“We do have several positions where we have some experienced players, but we also have several [positions] where guys were getting varsity experience for the first time. We relied on the experience and leadership of quarterback Dillon Lain.”
Lain threw for 4 touchdowns and ran for 1, with no interceptions, passing for 132 yards. He also intercepted a pass on defense.
Running back Clayton Kiefer led the team in both rushing and receiving, accounting for 6 touchdowns. He finished with 263 yard of total offense. His brother Carson Kiefer led the defense with 6.5 tackles, including 2.5 sacks, while rushing for 41 yards and catching a touchdown pass. Blayde Baker also had 6.5 tackles to lead the team. The Wayne defense was disruptive all night, finishing with 7 sacks.
Wide receiver Trent Carpenter caught 2 passes for 38 yards and a touchdown for an offense that never had to punt.
Despite the convincing victory, Elliott found things the players need to fix.
“We had a bit of a letdown in the second half. Meskwaki plays a shotgun spread offense, working on getting their athletes in space to cause problems for the defense. With a combination of this offense, their athletes and our guys getting tired and bringing subs in that didn't have much experience, they scored 4 touchdowns in the second half including several long passing plays.
“To finish the way we did was disappointing, but overall we did a lot of good things on offense, defense and special teams. Our older guys played well and they realize where we need to improve. Our young guys got much needed experience playing in a varsity game.”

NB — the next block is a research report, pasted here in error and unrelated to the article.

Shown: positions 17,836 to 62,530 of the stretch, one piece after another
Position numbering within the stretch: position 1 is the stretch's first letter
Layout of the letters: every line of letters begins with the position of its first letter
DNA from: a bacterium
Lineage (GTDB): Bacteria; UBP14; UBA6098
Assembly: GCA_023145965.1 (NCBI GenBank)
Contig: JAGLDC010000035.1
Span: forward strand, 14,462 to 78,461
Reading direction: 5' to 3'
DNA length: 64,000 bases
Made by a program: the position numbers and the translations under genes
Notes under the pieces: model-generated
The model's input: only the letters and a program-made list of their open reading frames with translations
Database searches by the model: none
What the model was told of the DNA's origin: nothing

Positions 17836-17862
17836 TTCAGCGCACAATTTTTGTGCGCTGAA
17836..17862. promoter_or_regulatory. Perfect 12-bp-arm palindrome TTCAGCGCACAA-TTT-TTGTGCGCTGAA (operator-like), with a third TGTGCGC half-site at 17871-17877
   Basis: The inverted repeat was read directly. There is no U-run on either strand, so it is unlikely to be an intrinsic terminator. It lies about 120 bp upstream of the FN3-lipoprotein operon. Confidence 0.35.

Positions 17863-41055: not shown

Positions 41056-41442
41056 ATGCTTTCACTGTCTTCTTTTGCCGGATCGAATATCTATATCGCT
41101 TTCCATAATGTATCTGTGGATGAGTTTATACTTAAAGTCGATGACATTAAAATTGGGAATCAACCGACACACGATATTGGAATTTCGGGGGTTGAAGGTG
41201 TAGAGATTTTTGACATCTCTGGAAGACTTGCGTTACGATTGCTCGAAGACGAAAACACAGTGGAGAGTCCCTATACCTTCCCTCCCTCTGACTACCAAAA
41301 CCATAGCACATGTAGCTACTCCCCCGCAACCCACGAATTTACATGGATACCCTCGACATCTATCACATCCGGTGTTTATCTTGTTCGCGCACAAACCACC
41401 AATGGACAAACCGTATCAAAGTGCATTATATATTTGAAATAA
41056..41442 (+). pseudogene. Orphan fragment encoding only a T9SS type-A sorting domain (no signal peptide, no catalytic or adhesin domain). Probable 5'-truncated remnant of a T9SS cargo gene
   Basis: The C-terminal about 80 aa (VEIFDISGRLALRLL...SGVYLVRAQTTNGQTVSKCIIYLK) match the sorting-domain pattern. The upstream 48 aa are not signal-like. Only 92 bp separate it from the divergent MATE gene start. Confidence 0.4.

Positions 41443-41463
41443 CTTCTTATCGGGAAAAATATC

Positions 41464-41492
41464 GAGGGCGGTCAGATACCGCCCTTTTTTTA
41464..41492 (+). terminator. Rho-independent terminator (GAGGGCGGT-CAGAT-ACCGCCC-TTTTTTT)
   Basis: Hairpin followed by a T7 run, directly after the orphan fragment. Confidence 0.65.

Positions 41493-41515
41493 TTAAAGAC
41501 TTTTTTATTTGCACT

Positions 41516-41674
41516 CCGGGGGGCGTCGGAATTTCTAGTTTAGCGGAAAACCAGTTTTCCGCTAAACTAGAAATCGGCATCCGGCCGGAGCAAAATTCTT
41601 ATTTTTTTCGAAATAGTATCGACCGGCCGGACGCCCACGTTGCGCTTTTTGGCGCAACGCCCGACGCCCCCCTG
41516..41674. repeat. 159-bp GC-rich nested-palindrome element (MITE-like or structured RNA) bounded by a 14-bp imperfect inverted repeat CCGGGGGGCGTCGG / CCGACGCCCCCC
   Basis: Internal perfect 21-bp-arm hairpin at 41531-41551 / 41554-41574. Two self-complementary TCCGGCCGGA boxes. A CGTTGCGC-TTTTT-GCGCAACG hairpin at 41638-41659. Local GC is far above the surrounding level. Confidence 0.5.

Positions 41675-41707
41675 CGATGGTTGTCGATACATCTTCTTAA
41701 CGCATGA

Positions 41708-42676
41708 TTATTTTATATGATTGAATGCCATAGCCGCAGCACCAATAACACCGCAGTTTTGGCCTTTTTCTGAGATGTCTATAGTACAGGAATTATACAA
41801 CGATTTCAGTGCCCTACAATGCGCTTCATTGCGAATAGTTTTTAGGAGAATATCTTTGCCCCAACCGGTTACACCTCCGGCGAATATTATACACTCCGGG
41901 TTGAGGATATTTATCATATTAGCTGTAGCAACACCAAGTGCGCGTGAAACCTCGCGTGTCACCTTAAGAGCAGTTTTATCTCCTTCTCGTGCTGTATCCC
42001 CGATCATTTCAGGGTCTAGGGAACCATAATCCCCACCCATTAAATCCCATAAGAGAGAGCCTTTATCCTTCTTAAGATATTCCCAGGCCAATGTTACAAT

Wayne has a short practice week to prepare for a tough Twin Cedars team with an explosive passing game and a defense that has surrendered only 3 touchdowns in 2 games thus far this season.
Meskwaki was the beginning of a 4-game away stand that ends with perennial power Murray on Sept. 20. Wayne finally returns to Corydon for homecoming on Sept. 27 against Moravia.
Sep 4, 2013, 12:48
Berndt emphasizes intensity as volleyball season approaches
As Holly Berndt prepares her players for the volleyball season, she expects her seventh year to be much different from the first, when Wayne won only one match. There will be no more rebuilding.
“I hate to lose,” Berndt says.
Last fall, the team finished 10-15, but was competitive in almost all of their matches. Berndt has put an emphasis on mental preparation. She would like the girls’ to shed their self-image of their team as an underdog. At some point this can serve an athlete as motivation, but after seeing her team take early leads last year and not finish, Berndt wants them to find their killer instinct. She is teaching them to maintain intensity. And to get comfortable winning.